We keep saying that we’re working for a better future. But we focus on the wrong things. I see people becoming angry and fearful about the illusions spread by cultish groups, fears, for example, of children being taken by those using Blackmagic; being tortured for some enzyme that supposedly can extend life; being kidnapped, raped in unbelievable numbers. I’m not saying that children are not being kidnapped and abused, what I am saying is are you protecting your own children – or are they being exposed this? I know that such a thing would have terrified me as a child if I’d happened to overhear my parents talking of such things.
Our children, and their children and their children’s children ARE our future. And we don’t even recognise how much we are hurting them, damaging them mentally, emotionally and socially with our adult fears and our anger. Is it really surprising that suicide rates in young people is rising?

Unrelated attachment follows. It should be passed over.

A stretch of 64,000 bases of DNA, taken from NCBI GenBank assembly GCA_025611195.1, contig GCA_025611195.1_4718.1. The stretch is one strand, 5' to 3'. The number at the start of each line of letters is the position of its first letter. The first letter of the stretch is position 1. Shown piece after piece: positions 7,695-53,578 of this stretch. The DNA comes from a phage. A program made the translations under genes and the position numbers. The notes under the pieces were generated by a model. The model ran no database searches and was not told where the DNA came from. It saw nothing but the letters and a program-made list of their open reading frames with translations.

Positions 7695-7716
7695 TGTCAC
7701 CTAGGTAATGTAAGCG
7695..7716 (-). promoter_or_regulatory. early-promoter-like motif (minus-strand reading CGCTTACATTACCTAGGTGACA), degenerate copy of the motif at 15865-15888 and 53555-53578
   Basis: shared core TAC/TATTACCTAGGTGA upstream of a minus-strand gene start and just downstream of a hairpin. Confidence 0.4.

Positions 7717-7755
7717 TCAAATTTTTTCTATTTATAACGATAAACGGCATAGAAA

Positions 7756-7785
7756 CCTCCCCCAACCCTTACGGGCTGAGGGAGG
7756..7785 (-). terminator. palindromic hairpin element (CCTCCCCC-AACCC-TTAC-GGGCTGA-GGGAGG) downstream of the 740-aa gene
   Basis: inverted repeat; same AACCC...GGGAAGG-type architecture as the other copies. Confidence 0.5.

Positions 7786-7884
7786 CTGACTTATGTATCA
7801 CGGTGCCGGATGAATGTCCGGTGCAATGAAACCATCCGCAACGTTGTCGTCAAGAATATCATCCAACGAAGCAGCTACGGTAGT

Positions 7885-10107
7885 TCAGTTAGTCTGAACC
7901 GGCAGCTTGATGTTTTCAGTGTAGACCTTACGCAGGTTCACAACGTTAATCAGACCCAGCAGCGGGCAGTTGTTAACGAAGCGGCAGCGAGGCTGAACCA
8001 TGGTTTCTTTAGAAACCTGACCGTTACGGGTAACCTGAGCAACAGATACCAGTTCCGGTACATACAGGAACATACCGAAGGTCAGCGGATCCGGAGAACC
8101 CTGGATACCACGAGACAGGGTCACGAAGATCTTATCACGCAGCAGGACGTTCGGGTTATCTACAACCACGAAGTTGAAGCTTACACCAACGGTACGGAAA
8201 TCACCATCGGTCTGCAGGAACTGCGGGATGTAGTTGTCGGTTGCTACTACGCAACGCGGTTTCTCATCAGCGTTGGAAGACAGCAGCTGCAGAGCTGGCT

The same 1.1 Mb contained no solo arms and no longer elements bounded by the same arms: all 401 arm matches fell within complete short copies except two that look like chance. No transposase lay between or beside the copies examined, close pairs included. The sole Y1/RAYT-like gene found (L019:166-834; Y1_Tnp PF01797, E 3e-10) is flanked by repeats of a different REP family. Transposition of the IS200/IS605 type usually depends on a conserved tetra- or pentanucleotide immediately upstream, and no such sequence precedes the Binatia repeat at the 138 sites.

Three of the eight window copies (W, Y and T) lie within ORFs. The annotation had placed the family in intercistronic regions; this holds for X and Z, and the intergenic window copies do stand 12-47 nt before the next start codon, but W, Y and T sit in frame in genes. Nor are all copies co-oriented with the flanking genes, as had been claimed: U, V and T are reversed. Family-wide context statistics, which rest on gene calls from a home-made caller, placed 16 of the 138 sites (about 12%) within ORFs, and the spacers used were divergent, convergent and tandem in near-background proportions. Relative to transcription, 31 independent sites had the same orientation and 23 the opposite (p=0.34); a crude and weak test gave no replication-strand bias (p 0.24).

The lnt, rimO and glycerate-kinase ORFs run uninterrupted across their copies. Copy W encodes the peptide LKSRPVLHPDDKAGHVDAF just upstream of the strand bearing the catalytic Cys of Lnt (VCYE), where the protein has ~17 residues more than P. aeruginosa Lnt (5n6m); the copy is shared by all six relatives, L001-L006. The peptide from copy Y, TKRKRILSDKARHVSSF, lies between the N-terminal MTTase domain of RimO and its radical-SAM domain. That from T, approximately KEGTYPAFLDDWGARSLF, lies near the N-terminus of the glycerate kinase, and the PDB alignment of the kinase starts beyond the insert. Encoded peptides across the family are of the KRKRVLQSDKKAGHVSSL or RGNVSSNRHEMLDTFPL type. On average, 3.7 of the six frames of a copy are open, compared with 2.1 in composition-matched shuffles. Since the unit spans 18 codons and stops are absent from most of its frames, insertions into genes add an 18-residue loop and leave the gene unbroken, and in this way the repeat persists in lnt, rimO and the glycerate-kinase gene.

I know of a people who don’t only consider their children’s welfare – or their children’s children even – every decision, every interaction considers, as a priority, the welfare of the children of these people to the 7th generation.
Why, when it is so clear to see that THIS, our children to the 7th generation, is the future of humanity; why can’t we make that same consideration? We’ve been focused on NOW for too long. Focusing on Now isn’t necessarily wrong, but we need to make sure that the Now we focus on is from the perspective of how it will affect the next 7 generations – 200 years.
What is our future going to look like in 200 years down this current timeline? When that 7th generation are coming into their power. What are future historians going to say about this point in history? Those future historians are your children’s children.
YOU are your children’s ancestor. YOU are creating the world they will be living in.
Please, think about what are you creating?